“On our way there, I asked her about some Thai words that I had issues pronouncing and she helped me with them. This happened throughout my trip! The locals were so welcoming and it felt like home. You don’t even have to be social to engage with the locals, but you do have to try!”
Another memorable moment was when her Thai instructor taught her how to grind peppers using a mortar and pestle during a cooking class in Bangkok.
“She was so shocked when she saw me do it without breaks. As a Nigerian, I have used this at home before, so I was used to it. There was a sense of homeliness in that moment. There are a lot of similarities between cultures that you are unaware of.”
After such an enjoyable trip, Wande is glad she decided to work past her anxiety and venture across the world as a solo traveler. For others who may suffer from anxiety and panic attacks, Wande would like to share a technique that she finds useful.
“My therapist taught me one way to stay grounded was to think about these 5 things:
5 things you can see
4 things you can hear
3 things you can touch
2 things you can smell
1 thing you can taste”
“This has truly helped me, especially when I have shortness of breath or feel the world is closing in on me. Then, I always remember why I’m where I am. I travel because it usually brings me peace, so even if it’s a solo trip, I can do the same if I just get the solo part out of my mind.”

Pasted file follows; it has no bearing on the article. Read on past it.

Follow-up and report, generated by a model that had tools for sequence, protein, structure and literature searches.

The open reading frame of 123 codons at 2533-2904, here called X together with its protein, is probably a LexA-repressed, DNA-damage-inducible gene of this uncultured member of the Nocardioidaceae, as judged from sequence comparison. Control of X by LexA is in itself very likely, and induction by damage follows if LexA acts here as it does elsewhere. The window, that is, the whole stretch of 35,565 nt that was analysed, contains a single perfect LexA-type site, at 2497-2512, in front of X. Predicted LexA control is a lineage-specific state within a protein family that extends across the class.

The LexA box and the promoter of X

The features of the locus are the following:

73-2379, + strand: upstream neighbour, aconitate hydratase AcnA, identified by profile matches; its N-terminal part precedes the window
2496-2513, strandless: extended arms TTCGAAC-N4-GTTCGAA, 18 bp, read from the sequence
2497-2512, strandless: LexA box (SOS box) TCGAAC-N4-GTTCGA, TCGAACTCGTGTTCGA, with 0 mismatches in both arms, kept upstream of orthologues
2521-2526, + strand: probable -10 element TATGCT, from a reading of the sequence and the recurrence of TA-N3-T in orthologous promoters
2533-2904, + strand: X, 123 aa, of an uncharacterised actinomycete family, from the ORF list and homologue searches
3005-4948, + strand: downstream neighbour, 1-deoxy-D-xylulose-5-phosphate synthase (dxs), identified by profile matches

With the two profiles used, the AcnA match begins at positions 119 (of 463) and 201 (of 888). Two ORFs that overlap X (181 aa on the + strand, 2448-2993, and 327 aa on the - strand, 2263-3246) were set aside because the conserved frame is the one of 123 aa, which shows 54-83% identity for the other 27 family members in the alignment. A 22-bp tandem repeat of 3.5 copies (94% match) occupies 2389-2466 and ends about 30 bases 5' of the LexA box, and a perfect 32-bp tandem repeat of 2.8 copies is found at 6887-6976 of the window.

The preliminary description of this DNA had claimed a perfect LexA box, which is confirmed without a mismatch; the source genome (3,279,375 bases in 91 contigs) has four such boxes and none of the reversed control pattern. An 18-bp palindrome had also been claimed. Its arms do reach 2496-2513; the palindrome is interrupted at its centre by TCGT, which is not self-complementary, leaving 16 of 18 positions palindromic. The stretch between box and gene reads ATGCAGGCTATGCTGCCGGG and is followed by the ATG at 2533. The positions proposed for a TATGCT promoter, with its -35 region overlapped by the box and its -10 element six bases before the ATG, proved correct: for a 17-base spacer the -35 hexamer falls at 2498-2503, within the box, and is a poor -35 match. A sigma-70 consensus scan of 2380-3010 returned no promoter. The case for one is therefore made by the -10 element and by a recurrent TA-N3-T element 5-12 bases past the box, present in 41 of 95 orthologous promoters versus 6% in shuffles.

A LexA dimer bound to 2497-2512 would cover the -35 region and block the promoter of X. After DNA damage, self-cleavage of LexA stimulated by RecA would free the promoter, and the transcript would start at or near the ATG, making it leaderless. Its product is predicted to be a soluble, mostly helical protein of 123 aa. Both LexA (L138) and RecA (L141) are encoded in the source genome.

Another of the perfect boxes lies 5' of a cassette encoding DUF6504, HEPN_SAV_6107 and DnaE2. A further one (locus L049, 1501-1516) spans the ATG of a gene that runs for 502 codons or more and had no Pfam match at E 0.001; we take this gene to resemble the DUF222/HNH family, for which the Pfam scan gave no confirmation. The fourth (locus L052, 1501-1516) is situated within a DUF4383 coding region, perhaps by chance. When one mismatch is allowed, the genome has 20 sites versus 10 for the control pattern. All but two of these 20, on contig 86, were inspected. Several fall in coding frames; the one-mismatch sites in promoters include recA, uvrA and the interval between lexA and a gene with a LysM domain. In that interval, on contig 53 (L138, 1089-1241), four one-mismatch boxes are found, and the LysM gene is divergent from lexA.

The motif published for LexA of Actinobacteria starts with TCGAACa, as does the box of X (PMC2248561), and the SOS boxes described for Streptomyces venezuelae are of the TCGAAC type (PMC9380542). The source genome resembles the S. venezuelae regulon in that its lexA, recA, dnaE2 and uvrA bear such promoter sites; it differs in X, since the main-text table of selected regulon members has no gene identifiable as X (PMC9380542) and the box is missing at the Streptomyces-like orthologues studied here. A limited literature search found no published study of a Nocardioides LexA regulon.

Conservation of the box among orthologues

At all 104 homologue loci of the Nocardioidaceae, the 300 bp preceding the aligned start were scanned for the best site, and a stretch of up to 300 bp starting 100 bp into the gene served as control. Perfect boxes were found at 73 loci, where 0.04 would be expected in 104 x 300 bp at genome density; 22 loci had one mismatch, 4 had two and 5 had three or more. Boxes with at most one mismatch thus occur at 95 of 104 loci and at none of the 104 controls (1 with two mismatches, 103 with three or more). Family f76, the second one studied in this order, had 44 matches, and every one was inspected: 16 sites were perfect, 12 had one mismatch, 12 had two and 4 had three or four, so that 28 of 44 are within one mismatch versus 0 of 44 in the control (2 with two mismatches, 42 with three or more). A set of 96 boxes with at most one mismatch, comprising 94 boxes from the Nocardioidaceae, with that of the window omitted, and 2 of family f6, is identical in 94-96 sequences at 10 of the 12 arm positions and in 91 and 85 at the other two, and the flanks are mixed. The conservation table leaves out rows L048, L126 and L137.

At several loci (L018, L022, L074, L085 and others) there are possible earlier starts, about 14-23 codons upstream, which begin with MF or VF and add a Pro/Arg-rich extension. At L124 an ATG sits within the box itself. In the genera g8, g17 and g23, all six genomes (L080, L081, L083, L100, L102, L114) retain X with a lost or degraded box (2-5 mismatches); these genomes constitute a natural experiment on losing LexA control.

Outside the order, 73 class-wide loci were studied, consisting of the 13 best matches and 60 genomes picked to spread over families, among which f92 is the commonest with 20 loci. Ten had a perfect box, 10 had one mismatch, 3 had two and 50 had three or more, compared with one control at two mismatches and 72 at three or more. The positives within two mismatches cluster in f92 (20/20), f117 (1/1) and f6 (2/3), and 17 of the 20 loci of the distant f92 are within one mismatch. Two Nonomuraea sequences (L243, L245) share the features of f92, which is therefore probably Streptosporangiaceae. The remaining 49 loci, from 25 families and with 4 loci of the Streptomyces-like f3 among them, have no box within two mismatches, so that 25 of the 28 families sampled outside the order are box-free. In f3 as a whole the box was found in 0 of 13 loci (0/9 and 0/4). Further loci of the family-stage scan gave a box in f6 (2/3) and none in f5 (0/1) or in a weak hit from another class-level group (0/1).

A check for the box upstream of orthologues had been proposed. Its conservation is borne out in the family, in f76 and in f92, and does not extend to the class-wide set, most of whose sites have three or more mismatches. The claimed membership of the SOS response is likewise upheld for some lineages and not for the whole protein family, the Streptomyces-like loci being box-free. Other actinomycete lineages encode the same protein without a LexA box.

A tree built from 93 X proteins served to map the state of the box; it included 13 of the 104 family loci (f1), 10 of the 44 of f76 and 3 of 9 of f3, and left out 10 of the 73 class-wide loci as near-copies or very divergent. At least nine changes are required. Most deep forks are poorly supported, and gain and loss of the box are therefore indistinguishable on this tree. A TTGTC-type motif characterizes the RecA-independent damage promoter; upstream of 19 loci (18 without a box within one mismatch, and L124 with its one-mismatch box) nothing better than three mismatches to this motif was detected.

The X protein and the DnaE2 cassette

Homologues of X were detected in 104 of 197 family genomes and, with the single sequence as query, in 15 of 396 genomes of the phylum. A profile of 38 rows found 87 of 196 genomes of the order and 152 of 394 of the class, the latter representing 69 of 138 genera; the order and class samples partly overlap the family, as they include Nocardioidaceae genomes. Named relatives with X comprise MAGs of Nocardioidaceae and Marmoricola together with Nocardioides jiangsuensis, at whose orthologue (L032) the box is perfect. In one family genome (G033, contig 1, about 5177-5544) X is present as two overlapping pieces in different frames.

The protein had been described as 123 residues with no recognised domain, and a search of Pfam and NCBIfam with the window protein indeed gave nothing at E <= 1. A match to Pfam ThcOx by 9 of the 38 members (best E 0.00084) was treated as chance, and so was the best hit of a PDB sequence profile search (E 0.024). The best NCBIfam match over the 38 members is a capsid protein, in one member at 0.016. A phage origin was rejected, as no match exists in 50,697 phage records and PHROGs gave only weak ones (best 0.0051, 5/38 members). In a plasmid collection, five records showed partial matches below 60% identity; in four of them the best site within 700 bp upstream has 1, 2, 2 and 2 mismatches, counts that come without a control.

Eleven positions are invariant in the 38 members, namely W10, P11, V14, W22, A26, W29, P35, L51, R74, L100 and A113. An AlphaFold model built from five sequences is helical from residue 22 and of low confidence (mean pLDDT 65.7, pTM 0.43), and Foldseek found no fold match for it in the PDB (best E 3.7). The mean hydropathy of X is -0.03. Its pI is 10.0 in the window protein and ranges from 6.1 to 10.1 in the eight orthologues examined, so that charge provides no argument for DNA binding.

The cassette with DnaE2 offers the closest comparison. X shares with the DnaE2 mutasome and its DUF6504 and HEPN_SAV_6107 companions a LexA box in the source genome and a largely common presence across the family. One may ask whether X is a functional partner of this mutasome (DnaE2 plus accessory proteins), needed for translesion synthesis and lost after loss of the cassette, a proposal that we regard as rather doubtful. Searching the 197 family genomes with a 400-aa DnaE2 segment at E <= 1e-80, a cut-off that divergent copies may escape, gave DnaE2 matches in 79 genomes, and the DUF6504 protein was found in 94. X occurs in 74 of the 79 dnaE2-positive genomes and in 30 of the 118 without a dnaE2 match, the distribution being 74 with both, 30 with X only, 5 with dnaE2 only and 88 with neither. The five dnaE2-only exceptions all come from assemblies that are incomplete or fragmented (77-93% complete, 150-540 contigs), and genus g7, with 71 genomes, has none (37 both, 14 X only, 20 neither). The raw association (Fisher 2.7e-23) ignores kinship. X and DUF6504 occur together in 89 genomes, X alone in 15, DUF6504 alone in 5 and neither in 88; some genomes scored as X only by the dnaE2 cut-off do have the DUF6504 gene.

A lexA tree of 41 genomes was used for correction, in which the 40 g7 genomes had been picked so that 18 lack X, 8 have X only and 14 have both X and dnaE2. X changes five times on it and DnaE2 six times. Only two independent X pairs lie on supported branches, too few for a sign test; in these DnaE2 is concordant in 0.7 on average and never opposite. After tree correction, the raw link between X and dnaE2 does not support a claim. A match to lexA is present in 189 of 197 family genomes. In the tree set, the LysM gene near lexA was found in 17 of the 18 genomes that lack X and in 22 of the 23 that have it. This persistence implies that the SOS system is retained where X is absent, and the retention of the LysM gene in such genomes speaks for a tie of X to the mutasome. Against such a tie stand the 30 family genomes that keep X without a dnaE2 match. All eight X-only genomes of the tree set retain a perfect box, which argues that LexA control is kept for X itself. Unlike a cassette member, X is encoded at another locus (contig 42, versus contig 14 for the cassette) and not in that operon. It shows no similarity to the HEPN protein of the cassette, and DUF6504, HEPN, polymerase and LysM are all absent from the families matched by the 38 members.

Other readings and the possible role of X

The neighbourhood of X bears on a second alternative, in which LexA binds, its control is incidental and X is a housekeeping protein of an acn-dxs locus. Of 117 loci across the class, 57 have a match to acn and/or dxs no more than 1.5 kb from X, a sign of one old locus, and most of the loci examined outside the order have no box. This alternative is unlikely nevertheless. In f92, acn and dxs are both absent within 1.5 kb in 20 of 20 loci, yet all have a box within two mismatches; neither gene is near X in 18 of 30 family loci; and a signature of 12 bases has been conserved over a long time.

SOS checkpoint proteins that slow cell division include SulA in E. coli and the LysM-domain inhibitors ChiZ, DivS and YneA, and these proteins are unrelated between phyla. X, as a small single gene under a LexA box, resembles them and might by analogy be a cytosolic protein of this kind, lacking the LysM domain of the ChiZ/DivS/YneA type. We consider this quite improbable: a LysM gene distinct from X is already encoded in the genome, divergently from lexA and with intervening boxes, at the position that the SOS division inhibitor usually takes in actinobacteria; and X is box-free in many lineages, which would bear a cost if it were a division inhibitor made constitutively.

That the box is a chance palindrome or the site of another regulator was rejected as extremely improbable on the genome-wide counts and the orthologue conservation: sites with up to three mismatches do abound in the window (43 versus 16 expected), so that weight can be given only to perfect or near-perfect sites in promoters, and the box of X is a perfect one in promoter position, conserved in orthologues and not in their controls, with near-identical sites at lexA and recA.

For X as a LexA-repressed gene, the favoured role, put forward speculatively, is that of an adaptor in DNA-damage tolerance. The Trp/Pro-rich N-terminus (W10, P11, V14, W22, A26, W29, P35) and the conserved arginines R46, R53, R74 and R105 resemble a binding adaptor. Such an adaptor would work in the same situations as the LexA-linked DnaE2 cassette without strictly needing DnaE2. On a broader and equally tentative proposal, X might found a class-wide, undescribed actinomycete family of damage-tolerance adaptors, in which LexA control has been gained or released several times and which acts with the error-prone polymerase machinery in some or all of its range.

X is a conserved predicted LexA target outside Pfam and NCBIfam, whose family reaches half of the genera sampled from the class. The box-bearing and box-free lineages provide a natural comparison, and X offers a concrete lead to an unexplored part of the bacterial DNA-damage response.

Wande also found it helpful to avoid her triggers as much as she could, which were being alone too much and having FOMO due to missing her family and friends. So, rather than being on social media, she concentrated on enjoying her trip. In times of anxiety, she exercised. In Phuket, she even took a Muay Thai class.
So, if you have been considering traveling solo but have stalled due to fear, Wande recommends that you take a leap of faith and go for it. Chances are, you’ll end up having a ball, meeting new people, and experiencing many new things.
“I found myself riding a jumping horse in Egypt. It was such an amazing time and I know when my mom saw the picture she probably started praying for my safety, lol. But really, go have fun and do things you wouldn’t normally do! Just remember the reason why you’re doing it. Make sure this is something you feel very strongly about as it will help ease your anxiety when you remember your ‘why’ behind it. If you are scared because of safety, remember nowhere is really, truly safe. You just have to be cautious everywhere you go.”